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Why has support for Fine Gael and Labour fallen?

Analysis: Support for the coalition parties took an unexpected turn in the poll published over the weekend.

Looking for answers: Enda Kenny and Joan Burton
Looking for answers: Enda Kenny and Joan Burton
Image: Sam Boal/Photocall Ireland

THE WEEKEND’S RED C opinion poll for the Sunday Business Post reversed a recent trend of increasing support for the two government parties.

Both Fine Gael and Labour dropped two points each to 25 and 8 per cent respectively, a setback when both parties were just starting to believe that the public were coming back to them after a succession of bad polls last year.

Despite ongoing rumours of an early election it’s now increasingly likely, if not certain, that the coalition will hold out as long as it can and hope the poll numbers improve as the economy does.

But why the sudden and somewhat unexpected drop in support, and what about the state of the other parties? Here’s our take….

It wasn’t Siterserv

The poll numbers come at the end of a bad week for the coalition when the Siterserv controversy was blown wide open. Most voters won’t appreciate the nuances of the story or, as one minister put it to us yesterday, the view in coalition circles that “government has done nothing wrong here”.

File Photo Michael Noonan says Alan Dukes reassured him on Siteserv sale. Two former Fine Gael colleagues, Alan Dukes and Michael Noonan, at the centre of the Siteserv controversy Source: Photocall Ireland

The problem is that there is an undeniable whiff of rottenness about the whole matter. The McNulty debacle last year was an obscure Seanad by-election, but for many it stank of cronyism. This Siterserv story stinks. We’re not sure of what yet, but voters can certainly detect that something isn’t quite right about it, and that’s the problem.

However, as damaging as this may prove for Labour and particularly Fine Gael, this poll was taken between Monday and Wednesday of last week, when the Siteserv controversy was just starting to enter the public consciousness. It’s unlikely that it had such an effect as to knock two points off each of the government parties.

But it might have been mortgages

One minister we spoke to yesterday suggested that the coalition’s failure to act on the issue of distressed mortgage holders was the main reason for the drop in support. There are proposals in the works and an announcement is expected in the coming weeks.

But Fianna Fáíl spent a number of weeks hammering the government over its failure to do anything for standard variable mortgage rate holders. It’s arguably done more for those in distress by extracting a promise from AIB to cut rates in the coming months. The government will have to deliver something similar with its long-awaited announcement.

Not that it helped Fianna Fáil

Fianna Fail . Pictured (LTOR) Fianna F All the cute babies in the world won't help Micheál Martin. Source: Sam Boal/Photocall Ireland

Micheál Martin’s troops may have their internal difficulties but there is no denying that Fianna Fáil have had some considerable wins when it’s come to embarrassing and shaming this government, like the medical cards and garda malpratice controversies last year. So far this year, Michael McGrath has done sterling work on the mortgages issue, but there has been no poll dividend for the party, which saw a jump of just one point to 19 per cent in the latest poll.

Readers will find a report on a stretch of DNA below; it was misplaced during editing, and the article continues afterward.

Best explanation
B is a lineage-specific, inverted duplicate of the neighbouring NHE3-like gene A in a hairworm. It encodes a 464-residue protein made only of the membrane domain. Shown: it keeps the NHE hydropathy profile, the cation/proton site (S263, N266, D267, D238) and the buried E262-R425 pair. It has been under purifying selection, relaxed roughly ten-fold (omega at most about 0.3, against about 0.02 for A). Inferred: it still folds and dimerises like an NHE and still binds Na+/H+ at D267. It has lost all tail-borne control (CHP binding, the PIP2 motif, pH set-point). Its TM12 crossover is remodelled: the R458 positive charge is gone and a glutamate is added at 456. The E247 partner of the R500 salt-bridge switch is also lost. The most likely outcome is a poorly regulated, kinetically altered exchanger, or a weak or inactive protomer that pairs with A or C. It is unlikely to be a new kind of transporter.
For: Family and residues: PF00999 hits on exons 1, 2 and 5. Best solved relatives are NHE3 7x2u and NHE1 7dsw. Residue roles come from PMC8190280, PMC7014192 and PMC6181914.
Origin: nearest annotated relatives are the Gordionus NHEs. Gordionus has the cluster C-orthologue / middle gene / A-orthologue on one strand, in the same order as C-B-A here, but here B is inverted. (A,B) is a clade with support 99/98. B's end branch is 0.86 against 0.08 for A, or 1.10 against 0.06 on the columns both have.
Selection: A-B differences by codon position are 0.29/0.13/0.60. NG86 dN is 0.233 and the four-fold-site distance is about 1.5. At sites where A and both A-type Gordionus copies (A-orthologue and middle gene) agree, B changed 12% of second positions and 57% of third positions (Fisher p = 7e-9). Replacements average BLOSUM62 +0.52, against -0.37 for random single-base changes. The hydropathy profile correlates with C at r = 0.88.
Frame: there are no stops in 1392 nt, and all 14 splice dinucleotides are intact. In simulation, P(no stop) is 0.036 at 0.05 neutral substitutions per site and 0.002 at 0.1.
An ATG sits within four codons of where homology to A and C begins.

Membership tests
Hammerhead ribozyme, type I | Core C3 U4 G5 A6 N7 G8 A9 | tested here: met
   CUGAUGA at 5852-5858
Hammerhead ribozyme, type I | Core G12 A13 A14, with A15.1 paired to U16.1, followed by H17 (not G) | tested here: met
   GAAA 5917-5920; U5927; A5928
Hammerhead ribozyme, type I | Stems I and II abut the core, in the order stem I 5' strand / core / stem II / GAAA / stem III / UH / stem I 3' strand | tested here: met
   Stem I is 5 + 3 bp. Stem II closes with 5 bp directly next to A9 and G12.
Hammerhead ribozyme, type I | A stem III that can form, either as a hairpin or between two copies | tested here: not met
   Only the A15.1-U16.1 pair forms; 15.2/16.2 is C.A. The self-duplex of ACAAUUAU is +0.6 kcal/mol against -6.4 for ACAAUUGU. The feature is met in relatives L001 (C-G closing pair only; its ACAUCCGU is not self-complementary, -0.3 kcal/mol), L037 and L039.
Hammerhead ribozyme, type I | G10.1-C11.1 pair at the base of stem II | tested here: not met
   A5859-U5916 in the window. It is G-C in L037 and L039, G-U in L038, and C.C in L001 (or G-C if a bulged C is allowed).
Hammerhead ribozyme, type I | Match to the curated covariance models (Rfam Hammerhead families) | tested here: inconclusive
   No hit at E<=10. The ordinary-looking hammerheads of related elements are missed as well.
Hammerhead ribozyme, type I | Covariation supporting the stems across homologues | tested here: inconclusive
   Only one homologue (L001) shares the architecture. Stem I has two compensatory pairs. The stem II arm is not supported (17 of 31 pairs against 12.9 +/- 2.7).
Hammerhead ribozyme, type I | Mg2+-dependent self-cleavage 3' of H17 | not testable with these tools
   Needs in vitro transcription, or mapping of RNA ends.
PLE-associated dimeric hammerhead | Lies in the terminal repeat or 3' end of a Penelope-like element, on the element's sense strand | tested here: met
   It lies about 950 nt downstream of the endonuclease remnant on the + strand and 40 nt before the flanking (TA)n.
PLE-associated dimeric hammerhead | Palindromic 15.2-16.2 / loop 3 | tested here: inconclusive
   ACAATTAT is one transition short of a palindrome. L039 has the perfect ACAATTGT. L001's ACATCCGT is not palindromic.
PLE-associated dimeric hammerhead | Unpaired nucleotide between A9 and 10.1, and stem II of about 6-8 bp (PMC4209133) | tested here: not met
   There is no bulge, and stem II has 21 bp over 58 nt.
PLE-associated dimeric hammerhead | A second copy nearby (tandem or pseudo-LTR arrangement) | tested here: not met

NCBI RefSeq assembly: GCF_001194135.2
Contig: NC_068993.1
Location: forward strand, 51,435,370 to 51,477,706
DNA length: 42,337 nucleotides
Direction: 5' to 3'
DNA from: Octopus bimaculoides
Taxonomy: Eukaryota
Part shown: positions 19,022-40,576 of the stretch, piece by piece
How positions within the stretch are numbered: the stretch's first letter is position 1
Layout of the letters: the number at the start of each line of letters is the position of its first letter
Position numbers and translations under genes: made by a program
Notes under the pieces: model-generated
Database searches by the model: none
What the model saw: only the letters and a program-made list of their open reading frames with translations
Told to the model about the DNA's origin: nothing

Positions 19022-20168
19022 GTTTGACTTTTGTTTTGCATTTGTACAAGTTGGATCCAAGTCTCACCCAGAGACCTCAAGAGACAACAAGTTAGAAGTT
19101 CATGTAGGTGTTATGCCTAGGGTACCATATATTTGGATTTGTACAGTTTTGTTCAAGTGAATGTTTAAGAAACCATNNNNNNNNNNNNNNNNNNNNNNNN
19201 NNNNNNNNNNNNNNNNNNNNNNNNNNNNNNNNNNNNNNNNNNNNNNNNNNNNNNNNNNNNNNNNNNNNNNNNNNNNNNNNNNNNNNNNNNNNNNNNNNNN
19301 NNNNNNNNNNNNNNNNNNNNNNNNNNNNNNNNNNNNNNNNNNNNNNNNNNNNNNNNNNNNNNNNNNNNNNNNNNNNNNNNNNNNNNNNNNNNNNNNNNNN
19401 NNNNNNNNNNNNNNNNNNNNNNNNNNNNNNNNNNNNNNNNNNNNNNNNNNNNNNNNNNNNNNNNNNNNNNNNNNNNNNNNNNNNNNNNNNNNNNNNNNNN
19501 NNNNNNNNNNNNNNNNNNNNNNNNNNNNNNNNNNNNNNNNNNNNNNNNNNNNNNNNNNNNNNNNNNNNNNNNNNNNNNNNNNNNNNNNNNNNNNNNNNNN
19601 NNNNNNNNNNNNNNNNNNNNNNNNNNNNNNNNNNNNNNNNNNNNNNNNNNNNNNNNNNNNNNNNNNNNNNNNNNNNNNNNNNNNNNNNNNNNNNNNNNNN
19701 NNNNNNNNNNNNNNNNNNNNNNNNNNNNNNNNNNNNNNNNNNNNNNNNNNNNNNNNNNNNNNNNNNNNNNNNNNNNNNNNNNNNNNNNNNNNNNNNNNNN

At the party’s Ard Fheis over the weekend, Fianna Fáil figures staunchly maintained that the party is not actually on 19 per cent and that come the election it will capture more than 20 per cent of the vote. The problem is that mediocre poll ratings do little for morale and ensure that the awkward squad – the likes of Eamon Ó Cuív and John McGuinness – will continue to air their concerns about the party’s direction.

Sinn Féin returns to form 

By contrast, the other main opposition party has restored most of the support it lost over the Paudie McGahon controversy earlier this year. Having fallen sharply to 17 per cent in the March Red C poll, Sinn Féin has jumped five points to 22 per cent this time around. The fallout from Mary Lou McDonald being criticised by an internal Dáil committee over her naming of politicians in the Ansbacher dosser does not appear to have harmed the party one bit.

Sinn Fein Gay Marriage Equality Referendums Source: Sam Boal/Photocall Ireland

Independents and others are still going strong 

Independent TDs believe their support will fall off as the election nears and people consolidate around the existing political parties. Though the independents and others category dropped two points this time around, it is still on a significant 26 per cent.

With Renua only just emerging and the Anti-Austerity Alliance becoming a growing political force, it will be interesting to see to what extent voters start to coalesce around these new movements in the months ahead, or whether they opt for one of the four main parties.

Read: 8 things we learned at the Fianna Fáil Ard Fheis

Read: The latest poll is bad for the government and REALLY good for Sinn Féin

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About the author:

Hugh O'Connell

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